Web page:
Background: The carbon metabolism of the blood stages of Plasmodium falciparum, comprising rapidly dividing asexual stages and non-dividing gametocytes, is thought to be highly streamlined, with glycolysis providing most of the cellular ATP. However, these parasitic stages express all the enzymes needed for a canonical mitochondrial tricarboxylic acid (TCA) cycle, and it was recently proposed that they may catabolize glutamine via an atypical branched TCA cycle. Whether these stages catabolize glucose in the TCA cycle and what is the functional significance of mitochondrial metabolism remains unresolved.
Results: We reassessed the central carbon metabolism of P. falciparum asexual and sexual blood stages, by metabolically labeling each stage with 13C-glucose and 13C-glutamine, and analyzing isotopic enrichment in key pathways using mass spectrometry. In contrast to previous findings, we found that carbon skeletons derived from both glucose and glutamine are catabolized in a canonical oxidative TCA cycle in both the asexual and sexual blood stages. Flux of glucose carbon skeletons into the TCA cycle is low in the asexual blood stages, with glutamine providing most of the carbon skeletons, but increases dramatically in the gametocyte stages. Increased glucose catabolism in the gametocyte TCA cycle was associated with increased glucose uptake, suggesting that the energy requirements of this stage are high. Significantly, whereas chemical inhibition of the TCA cycle had little effect on the growth or viability of asexual stages, inhibition of the gametocyte TCA cycle led to arrested development and death.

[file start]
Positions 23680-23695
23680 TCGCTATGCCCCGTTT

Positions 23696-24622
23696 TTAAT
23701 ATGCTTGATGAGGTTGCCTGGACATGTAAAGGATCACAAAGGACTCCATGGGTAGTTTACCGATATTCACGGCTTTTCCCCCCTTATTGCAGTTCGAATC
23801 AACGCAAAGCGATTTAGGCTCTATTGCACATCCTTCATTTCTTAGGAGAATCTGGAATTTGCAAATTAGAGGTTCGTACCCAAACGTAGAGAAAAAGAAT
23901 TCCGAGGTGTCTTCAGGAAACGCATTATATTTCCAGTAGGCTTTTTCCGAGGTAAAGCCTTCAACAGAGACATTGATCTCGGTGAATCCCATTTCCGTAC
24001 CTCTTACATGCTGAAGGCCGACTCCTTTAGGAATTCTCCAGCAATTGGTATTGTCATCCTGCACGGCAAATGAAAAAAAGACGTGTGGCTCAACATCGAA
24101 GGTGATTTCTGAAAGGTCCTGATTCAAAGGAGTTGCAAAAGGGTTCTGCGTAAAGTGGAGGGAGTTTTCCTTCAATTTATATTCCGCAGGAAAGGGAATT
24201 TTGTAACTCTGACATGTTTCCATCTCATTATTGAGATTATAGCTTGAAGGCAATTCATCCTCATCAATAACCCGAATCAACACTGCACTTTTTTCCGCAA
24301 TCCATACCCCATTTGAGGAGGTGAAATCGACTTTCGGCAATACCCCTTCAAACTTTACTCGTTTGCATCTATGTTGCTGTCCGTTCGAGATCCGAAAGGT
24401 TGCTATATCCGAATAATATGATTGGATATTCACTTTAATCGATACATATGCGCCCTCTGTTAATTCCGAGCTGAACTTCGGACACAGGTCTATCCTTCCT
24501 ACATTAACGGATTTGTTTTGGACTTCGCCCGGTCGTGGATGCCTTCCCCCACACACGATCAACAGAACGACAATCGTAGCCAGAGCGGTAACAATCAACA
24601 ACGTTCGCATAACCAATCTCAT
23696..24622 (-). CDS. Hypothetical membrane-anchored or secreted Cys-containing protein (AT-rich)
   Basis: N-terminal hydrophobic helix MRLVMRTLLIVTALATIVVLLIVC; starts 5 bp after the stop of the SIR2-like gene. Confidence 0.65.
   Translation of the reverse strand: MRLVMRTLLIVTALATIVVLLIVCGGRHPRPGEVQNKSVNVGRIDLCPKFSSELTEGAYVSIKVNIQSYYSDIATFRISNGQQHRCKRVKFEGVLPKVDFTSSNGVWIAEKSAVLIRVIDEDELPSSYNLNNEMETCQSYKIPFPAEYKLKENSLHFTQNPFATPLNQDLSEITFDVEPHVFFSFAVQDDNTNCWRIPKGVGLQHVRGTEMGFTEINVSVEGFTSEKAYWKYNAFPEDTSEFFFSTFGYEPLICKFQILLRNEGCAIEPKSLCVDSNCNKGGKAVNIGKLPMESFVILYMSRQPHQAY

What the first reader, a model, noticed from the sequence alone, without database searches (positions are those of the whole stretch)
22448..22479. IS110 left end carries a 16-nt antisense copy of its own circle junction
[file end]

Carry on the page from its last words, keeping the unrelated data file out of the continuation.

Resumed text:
Conclusions: Our metabolomics approach has allowed us to revise current models of P. falciparum carbon metabolism. In particular, we found that both asexual and sexual blood stages utilize a conventional TCA cycle to catabolize glucose and glutamine. Gametocyte differentiation is associated with a programmed remodeling of central carbon metabolism that may be required for parasite survival either before or after uptake by the mosquito vector. The increased sensitivity of gametocyte stages to TCA-cycle inhibitors provides a potential target for transmission-blocking drugs.